ELISA. ELISA was performed using the 12-kDa protein preparations as antigen. The results are shown in The Table and in Figure 3. Leprosy sera showed a significantly higher response (p < 0.01) than the controls. Sera from the eight patients who had undergone a year or more of chemotherapy showed no reactivity when compared to those from patients with 3-6 months of chemotherapy. Sera from contacts as well as from healthy individuals did not exhibit positive reactions. None of the sera showed any reactions when E. coli control filtrate was used as the antigen.



Fig. 3. Comparison of seroreactivity of sonicate 12-kDa (s12kD, left panel) and recombinant 12-kDa (r12kD, right panel) proteins in leprosy patients (TT, BT, BL and LL), in contacts of leprosy patients, and in normalcontrols. Sera diluted 1/200 in both cases. Each point = one individual; horizontal bars = mean ∆E values; horizontal line joining arrows in each panel = corresponding mean ∆E + 2 S.D. of the control group; ∆ = patients who had undergone 3-6 months of chemotherapy; ○ = 1 or more years of chemotherapy.


Strong reactivity was also observed between the 12-kDa protein preparations and the rabbit anti-M. leprae hyperimmune serum. The antibody titer was 1:20,000 when M. leprae sonicate was used as the antigen. When the sonicate 12-kDa protein was used as the antigen, the titer was 1:10,000. On the other hand, the titer with cloned 12-kDa antigen was only 1:500. No reactivity was observed with E. coli filtrate nor was any binding observed with normal rabbit serum.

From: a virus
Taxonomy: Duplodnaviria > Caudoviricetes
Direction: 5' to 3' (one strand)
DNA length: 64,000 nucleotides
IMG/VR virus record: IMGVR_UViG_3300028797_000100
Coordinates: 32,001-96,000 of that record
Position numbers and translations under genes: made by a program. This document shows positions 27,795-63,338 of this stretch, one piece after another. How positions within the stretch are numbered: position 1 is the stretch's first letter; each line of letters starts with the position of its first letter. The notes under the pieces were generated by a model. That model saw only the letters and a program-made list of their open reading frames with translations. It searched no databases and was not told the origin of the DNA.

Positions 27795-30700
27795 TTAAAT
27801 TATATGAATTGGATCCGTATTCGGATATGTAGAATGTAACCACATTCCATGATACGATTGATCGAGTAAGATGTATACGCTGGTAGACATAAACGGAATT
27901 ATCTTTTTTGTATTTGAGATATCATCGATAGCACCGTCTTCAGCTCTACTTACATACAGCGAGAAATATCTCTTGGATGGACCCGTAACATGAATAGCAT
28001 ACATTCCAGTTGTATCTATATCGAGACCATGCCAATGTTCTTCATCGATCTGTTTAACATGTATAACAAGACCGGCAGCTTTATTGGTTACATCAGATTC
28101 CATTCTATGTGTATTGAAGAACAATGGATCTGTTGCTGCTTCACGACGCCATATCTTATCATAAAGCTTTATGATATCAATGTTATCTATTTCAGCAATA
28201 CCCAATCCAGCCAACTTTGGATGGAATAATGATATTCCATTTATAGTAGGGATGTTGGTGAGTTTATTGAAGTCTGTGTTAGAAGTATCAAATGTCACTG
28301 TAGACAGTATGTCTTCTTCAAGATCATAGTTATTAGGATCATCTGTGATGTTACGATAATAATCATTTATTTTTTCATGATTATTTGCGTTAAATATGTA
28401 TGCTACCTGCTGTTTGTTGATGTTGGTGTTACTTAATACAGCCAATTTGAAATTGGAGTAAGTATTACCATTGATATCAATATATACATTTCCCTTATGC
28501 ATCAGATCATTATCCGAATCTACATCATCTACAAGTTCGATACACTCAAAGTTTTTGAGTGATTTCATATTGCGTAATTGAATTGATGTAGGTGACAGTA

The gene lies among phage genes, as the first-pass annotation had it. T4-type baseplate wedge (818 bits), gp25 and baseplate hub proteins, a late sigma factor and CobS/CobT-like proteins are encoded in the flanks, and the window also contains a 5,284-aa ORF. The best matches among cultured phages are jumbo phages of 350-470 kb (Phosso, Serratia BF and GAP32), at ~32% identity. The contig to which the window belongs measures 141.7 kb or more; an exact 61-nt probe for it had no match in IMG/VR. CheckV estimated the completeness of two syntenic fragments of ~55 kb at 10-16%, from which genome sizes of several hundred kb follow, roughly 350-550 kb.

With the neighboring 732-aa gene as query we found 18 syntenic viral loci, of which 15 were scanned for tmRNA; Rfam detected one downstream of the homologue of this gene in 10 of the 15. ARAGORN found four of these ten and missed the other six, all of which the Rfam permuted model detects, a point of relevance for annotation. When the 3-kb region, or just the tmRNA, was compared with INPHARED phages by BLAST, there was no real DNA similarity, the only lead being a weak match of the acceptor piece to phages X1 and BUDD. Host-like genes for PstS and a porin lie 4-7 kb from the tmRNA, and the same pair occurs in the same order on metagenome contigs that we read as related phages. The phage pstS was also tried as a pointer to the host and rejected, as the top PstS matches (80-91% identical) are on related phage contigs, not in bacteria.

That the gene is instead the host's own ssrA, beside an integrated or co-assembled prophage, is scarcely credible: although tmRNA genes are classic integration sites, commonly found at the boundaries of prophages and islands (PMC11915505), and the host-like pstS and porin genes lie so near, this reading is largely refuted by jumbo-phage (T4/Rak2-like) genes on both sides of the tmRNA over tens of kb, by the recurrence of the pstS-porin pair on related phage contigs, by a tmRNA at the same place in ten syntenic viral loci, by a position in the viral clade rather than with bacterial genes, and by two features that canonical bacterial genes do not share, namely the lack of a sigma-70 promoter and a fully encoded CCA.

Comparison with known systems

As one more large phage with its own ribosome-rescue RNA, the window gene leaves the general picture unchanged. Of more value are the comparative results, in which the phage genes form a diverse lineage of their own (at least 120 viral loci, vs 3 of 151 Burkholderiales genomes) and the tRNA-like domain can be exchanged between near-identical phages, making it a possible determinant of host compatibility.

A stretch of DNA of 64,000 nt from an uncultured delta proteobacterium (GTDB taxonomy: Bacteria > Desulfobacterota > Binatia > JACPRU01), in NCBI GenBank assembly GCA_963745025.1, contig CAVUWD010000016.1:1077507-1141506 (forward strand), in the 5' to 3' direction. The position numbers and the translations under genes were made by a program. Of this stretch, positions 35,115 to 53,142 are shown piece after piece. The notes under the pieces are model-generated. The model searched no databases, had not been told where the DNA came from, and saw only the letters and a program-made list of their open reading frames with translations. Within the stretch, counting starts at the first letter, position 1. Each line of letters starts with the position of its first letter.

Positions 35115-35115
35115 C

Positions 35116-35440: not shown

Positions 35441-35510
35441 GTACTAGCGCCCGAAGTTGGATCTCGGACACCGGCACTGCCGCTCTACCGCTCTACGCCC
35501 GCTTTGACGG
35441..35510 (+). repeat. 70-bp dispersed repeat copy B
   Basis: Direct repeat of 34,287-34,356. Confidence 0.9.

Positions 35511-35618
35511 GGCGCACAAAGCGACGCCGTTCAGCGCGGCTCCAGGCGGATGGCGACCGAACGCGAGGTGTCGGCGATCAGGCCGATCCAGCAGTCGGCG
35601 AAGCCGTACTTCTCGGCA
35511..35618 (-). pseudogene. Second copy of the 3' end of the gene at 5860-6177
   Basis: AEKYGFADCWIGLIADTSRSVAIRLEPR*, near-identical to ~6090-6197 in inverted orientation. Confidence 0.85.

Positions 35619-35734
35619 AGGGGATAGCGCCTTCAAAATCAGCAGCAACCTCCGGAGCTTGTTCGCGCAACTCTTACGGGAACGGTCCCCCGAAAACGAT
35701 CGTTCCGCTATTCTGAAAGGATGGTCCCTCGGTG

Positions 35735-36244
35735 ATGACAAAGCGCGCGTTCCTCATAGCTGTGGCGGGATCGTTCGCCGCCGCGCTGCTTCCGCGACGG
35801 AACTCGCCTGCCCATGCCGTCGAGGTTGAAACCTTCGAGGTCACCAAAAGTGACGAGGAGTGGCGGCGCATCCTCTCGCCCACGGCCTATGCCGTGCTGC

During the last decade, attempts have been made by several investigators to standardize a specific immunoassay for leprosy using various M. leprae antigens (7,13,20,24 ). The fluorescent leprosy antibody absorption test (1) has been used by several investigators and has shown about 90%-100% and 70%-80% positivity in LL and TT cases, respectively (20). The availability of cloned M. leprae 12-kDa antigen (26), the prominent presence of the 12-kDa protein in cell sonicate, the availability of a MAb specifically recognizing it (12) and the reports on its immunoreactivity (5,6,14,23) were some of the reasons for initiating this study to determine its seroreactivity in leprosy patients. Clone Y3184 was subsequently shown to express a biotinylated protein, as a β-galactosidase fusion product (8). However, in our studies with Y3184, we detected the expression of a ML06-reactive 12-kDa protein without a fusion partner. We were able to obtain the protein in substantial quantities in partially purified form by a single step of ultrafiltration and use it in a simple ELISA to detect antibodies in sera from leprosy patients. The presence of other proteins with a molecular weight within the range of 12,000 in this preparation cannot be ruled out at this time. The immuno-purification and seroreactivity of the 12-kDa antigen with LL sera has been previously reported by Britton, el at. (5). Since the serum samples showed no detectable binding to the control E. coli filtrate, no previous absorption of the sera to E. coli was performed. Our results suggest that the cloned 12-kDa protein contains the ML06-rccognition epitope. We have also shown that this protein was recognized by leprosy sera as well as polyclonal rabbit hyperimmune anti-M. leprae serum. We observed, in the latter instance, that reactivity to the sonicate protein was higher as compared to the cloned protein. It is possible that antibodies in the rabbit serum recognized epitopes in the sonicate protein that may not be present on the cloned protein. Antibodies in the sera of patients, however, recognized both the cloned and sonicate protein to a similar extent. Since the E. coli 12-kDa protein by itself showed no seroreactivity, its probable presence in the partially purified, cloned 12kDa protein preparation from lysate was not considered critical in the seroreactivity results.